The mechanisms that extend lifespan in humans are poorly understood. Studies in invertebrate and mammalian models suggest that the nervous system plays a role in the regulation of ageing. In the nematode C. elegans, ablation of specific sensory or neurosecretory neurons alters lifespan, and lifespan extension from reduced insulin/IGF-like signalling can be reversed by restoring function specifically in neurons.
C. elegans motility assay. Worms were treated for 24 h with the indicated drugs, and then 150 worms were transferred to 1.5 ml liquid nematode growth medium (NGM; 1 mM MgCl2, 1 mM CaCl2, 200 mM KH2PO4, 50 mM NaCl) and washed once to remove bacterial clumps. Worms were transferred in 100-μl volumes to a 96 u-shaped-well plate, and assayed in the WMicrotracker device.
Calcium influx in ASH neurons increased during normal ageing from adult day 1–2 to day 12–16. To determine the effect of decreasing calcium influx on lifespan, worms were treated with nemadipine, an inhibitor of L-type calcium channels that reduces neural excitation. Continuous treatment with nemadipine beginning at adult day 1 extended lifespan. Moreover, incubation of worms with ivermectin, an agonist of invertebrate glutamate-gated chloride channels, suppressed neural excitation and resulted in a dose-dependent extension of mean lifespan. Nemadipine and ivermectin also extended lifespan when administered at day 8, when feeding activity has largely abated (Extended Data Fig. 2a), suggesting that the drugs do not act through caloric restriction. Furthermore, worm motility was preserved (Extended Data Fig. 2b). These results suggest that global inhibition of neural excitation extends lifespan in C. elegans.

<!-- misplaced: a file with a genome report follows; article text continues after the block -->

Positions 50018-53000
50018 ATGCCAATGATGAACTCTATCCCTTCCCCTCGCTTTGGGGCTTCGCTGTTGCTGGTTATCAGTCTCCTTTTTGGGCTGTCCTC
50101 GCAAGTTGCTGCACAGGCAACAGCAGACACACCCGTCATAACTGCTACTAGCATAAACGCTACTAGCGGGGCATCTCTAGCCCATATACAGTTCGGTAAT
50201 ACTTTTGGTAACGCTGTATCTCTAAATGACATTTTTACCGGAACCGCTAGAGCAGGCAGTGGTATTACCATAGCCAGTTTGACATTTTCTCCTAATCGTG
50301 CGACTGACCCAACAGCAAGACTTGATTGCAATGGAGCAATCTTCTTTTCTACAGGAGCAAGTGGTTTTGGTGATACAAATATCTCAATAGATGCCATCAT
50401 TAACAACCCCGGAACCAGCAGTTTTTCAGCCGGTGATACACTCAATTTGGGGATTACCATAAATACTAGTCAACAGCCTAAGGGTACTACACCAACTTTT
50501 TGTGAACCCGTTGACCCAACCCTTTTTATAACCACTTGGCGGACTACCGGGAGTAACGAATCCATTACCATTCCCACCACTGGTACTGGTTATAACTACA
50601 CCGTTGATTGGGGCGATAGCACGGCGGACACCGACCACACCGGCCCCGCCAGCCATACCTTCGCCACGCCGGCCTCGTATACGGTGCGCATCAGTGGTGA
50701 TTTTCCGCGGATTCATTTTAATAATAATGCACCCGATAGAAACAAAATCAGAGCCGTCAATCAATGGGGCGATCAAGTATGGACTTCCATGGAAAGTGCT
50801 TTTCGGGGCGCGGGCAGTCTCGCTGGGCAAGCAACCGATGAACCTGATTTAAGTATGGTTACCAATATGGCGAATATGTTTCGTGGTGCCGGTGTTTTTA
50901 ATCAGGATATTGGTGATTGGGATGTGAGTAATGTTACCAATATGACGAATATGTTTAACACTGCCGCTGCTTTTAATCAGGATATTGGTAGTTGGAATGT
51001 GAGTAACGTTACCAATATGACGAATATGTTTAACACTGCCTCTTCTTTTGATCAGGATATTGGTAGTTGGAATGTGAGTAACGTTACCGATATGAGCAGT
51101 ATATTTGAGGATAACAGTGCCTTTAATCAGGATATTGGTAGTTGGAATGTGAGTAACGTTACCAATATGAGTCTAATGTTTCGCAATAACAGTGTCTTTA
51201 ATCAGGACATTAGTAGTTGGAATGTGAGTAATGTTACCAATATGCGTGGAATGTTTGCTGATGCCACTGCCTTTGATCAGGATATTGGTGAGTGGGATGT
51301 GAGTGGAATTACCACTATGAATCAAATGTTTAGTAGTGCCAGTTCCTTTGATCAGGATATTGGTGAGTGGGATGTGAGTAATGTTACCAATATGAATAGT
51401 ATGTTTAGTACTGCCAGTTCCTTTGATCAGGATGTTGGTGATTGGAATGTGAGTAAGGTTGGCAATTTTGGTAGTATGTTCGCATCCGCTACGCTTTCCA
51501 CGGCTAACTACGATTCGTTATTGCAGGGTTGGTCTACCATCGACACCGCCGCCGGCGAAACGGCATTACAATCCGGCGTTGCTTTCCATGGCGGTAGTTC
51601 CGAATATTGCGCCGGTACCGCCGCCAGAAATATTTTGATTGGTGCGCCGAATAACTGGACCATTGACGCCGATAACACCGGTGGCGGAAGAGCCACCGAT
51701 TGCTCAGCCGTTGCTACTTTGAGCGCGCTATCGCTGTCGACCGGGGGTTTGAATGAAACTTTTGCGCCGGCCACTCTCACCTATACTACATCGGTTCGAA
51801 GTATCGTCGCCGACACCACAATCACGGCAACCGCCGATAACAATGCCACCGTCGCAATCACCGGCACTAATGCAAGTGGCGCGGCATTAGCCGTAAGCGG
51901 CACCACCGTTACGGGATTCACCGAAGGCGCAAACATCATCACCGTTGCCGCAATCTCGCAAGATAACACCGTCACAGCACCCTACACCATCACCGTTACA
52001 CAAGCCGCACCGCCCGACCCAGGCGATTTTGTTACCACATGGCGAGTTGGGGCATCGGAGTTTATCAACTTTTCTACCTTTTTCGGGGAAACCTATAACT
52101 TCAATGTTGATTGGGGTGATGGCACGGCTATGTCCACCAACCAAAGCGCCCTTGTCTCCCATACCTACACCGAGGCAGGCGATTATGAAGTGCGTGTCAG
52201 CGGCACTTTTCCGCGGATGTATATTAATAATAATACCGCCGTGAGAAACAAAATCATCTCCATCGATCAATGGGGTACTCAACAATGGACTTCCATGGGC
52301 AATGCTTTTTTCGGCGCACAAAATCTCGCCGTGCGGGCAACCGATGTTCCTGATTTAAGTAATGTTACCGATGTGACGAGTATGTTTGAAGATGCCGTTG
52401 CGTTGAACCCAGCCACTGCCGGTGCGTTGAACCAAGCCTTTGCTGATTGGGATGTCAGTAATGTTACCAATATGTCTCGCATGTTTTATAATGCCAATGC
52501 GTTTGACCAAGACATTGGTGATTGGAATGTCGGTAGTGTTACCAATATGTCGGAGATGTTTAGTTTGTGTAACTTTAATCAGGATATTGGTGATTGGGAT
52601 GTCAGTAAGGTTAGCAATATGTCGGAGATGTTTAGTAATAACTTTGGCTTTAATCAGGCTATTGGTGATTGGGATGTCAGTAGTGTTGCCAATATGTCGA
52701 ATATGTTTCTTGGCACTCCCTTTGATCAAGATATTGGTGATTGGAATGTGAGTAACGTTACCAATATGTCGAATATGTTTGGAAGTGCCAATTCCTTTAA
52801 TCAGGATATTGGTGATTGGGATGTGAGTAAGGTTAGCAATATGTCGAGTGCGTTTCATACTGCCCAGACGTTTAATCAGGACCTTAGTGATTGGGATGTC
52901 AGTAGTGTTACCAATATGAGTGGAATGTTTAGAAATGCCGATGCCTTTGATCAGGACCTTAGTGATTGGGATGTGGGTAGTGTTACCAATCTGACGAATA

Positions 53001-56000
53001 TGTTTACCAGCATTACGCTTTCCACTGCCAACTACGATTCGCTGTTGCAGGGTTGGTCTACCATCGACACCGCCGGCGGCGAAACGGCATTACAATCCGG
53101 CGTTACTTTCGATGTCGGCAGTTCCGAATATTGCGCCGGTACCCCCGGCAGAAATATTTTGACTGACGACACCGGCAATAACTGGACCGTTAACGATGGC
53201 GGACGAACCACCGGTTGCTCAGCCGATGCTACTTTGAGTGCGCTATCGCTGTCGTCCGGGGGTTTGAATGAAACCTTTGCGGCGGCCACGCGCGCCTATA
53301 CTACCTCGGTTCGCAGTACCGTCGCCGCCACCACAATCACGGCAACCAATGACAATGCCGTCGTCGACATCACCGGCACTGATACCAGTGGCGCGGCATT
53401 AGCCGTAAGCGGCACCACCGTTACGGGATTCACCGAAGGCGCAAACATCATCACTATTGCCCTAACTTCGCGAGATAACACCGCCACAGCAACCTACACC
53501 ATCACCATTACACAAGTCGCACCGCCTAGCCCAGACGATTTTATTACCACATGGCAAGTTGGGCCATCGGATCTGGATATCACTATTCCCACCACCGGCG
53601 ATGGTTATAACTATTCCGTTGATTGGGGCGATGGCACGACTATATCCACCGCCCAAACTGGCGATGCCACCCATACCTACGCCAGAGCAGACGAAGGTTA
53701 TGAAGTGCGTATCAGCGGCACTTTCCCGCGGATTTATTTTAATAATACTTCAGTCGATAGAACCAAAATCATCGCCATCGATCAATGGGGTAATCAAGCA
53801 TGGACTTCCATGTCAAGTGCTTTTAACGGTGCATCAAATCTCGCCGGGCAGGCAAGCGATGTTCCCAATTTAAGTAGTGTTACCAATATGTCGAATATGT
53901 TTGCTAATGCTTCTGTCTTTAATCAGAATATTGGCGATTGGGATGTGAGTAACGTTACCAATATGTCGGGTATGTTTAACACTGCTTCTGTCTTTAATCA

Nature. 2019 Oct;574(7778):359-364. doi: 10.1038/s41586-019-1647-8. Epub 2019 Oct 16.
Zullo JM, Drake D, Aron L, O’Hern P, Dhamne SC, Davidsohn N, Mao CA, Klein WH, Rotenberg A, Bennett DA, Church GM, Colaiácovo MP, Yankner BA.